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AN Pandya, TR Friberg, AW Eller; Optos Non-Mydriatic Widefield Imaging vs. Clinical Dilated Fundus Exam for Retinal Diagnosis and Management . Invest. Ophthalmol. Vis. Sci. 2002;43(13):2860.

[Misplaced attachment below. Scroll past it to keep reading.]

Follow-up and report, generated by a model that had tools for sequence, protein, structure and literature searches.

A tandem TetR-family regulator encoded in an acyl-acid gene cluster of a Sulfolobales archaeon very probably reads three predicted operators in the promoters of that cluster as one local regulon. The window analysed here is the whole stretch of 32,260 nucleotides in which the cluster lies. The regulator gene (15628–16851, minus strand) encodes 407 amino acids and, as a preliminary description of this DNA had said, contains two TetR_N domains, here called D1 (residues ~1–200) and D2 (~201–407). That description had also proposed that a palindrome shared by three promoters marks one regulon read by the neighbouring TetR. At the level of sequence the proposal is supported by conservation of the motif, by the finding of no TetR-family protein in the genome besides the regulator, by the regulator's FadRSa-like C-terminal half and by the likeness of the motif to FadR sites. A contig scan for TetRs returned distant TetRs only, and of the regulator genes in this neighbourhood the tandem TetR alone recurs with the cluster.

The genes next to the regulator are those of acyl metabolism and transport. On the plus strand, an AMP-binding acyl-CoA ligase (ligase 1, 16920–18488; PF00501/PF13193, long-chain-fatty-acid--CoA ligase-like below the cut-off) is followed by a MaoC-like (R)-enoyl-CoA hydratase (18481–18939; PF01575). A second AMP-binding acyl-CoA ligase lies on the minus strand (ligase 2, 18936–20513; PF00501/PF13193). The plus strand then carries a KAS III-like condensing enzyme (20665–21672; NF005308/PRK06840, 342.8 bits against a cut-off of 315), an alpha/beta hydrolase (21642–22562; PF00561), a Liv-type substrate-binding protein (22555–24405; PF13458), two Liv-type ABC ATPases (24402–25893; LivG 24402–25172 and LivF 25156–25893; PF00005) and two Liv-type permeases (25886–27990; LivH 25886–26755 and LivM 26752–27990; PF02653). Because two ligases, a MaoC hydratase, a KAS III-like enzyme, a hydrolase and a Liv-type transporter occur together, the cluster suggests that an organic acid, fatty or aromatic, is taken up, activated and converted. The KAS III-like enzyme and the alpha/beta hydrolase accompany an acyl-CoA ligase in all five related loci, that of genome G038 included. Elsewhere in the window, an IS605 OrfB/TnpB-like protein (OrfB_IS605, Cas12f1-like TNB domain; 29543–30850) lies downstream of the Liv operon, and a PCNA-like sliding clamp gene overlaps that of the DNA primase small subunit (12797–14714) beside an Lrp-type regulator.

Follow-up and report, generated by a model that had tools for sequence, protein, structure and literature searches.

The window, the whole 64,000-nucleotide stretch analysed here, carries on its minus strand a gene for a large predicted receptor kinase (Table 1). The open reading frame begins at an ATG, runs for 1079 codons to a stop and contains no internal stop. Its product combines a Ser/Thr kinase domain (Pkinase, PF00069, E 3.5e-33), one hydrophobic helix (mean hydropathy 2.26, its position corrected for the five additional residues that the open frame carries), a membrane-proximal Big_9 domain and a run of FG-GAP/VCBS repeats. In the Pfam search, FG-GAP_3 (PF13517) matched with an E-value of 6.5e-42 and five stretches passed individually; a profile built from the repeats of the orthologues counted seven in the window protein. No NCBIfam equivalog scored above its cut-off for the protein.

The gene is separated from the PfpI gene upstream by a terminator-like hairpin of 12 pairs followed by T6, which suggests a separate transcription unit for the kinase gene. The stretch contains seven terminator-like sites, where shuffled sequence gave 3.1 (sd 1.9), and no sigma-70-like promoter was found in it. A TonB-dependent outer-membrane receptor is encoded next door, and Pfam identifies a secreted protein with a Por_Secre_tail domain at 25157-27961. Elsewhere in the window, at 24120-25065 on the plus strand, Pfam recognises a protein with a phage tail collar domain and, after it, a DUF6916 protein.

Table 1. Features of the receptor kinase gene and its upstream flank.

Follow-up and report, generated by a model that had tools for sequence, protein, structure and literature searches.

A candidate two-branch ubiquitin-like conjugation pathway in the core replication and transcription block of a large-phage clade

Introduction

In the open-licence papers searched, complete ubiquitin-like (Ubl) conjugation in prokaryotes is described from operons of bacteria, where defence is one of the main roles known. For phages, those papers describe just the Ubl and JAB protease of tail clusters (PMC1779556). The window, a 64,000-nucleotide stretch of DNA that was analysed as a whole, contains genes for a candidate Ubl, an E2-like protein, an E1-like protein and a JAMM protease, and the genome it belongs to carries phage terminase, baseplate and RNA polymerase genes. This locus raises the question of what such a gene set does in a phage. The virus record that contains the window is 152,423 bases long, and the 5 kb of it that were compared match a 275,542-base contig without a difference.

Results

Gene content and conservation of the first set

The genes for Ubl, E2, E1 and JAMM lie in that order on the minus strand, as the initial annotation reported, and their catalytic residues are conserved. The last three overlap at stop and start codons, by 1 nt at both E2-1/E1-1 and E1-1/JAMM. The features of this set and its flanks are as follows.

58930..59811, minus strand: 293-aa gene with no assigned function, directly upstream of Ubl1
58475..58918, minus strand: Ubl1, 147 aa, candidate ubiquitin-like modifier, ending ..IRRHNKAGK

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Purpose: To assess the utility of the Optos Panoramic 200 non-mydriatic widefield imaging system for the diagnosis of retinal pathology and its management. Method: Patients scheduled for a routine retinal exam in a university retina practice had both eyes imaged using the non-mydriatic Panoramic 200 camera prior to a dilated clinical fundus exam. Months later, 50 of a total of 135 patient wide-angle images were arbitrarily selected and reviewed by two retinal specialists in a masked manner. The eye with the most severe pathology was chosen for comparison for each patient. In addition to diagnosis, the suggested time to next appointment and proposed intervention were determined from the images. The parameters determined from the Optos images were then compared to those generated by clinical exam, which included slit lamp biomicroscopy of the fundus. The iris color and image quality (judged as excellent, good, fair or poor) were also noted. Results: In 45 of our sample of 50 eyes (90%), the correct diagnosis (including lack of disease) was made from Optos images by one specialist and in 38 of 50 (76%) by the other. The positive predictive value for diagnosing retinal pathology was as high as 97%. The negative predictive value was as high as 75%. The sensitivity was 90% and 73% for the two specialists while the specificity was 89% and 71%. These differences between reviewers are in part due to whether or not image enhancement was used on poorer image quality images. In 38 cases (76%) follow-up as determined from images agreed with that recommended on the basis of the clinical exam. The quality of images was deemed to be good or excellent in 50% and 60% of images respectively by the two retinal specialists. In some cases, artifacts in the macular region precluded accurate diagnosis of more subtle abnormalities. Concerning iris color, poor image quality occurred in 14 % of brown eyes, 8% of hazel eyes, and 13% of blue eyes. 28 of the 50 patients were diabetic. Of the eye chosen for comparison, 7 eyes had prior PRP (scars of which offer clues to the physician screeners). The Optos and clinical exam were consistent in diagnosing stable PDR versus continued proliferation requiring further PRP. The images from patients without prior PRP were diagnosed correctly via Optos images by one specialist in 2 of 2 eyes with PDR, 3 of 4 eyes with BDR, 4 of 6 eyes with CSME, 2 of 2 eyes with normal fundi and 3 of 4 eyes with stable maculopathy status post laser. Conclusion: The Optos Panoramic 200 non-mydriatic widefield imaging system is a potentially valuable screening tool for the diagnosis of retinal pathology and determination of appropriate management.
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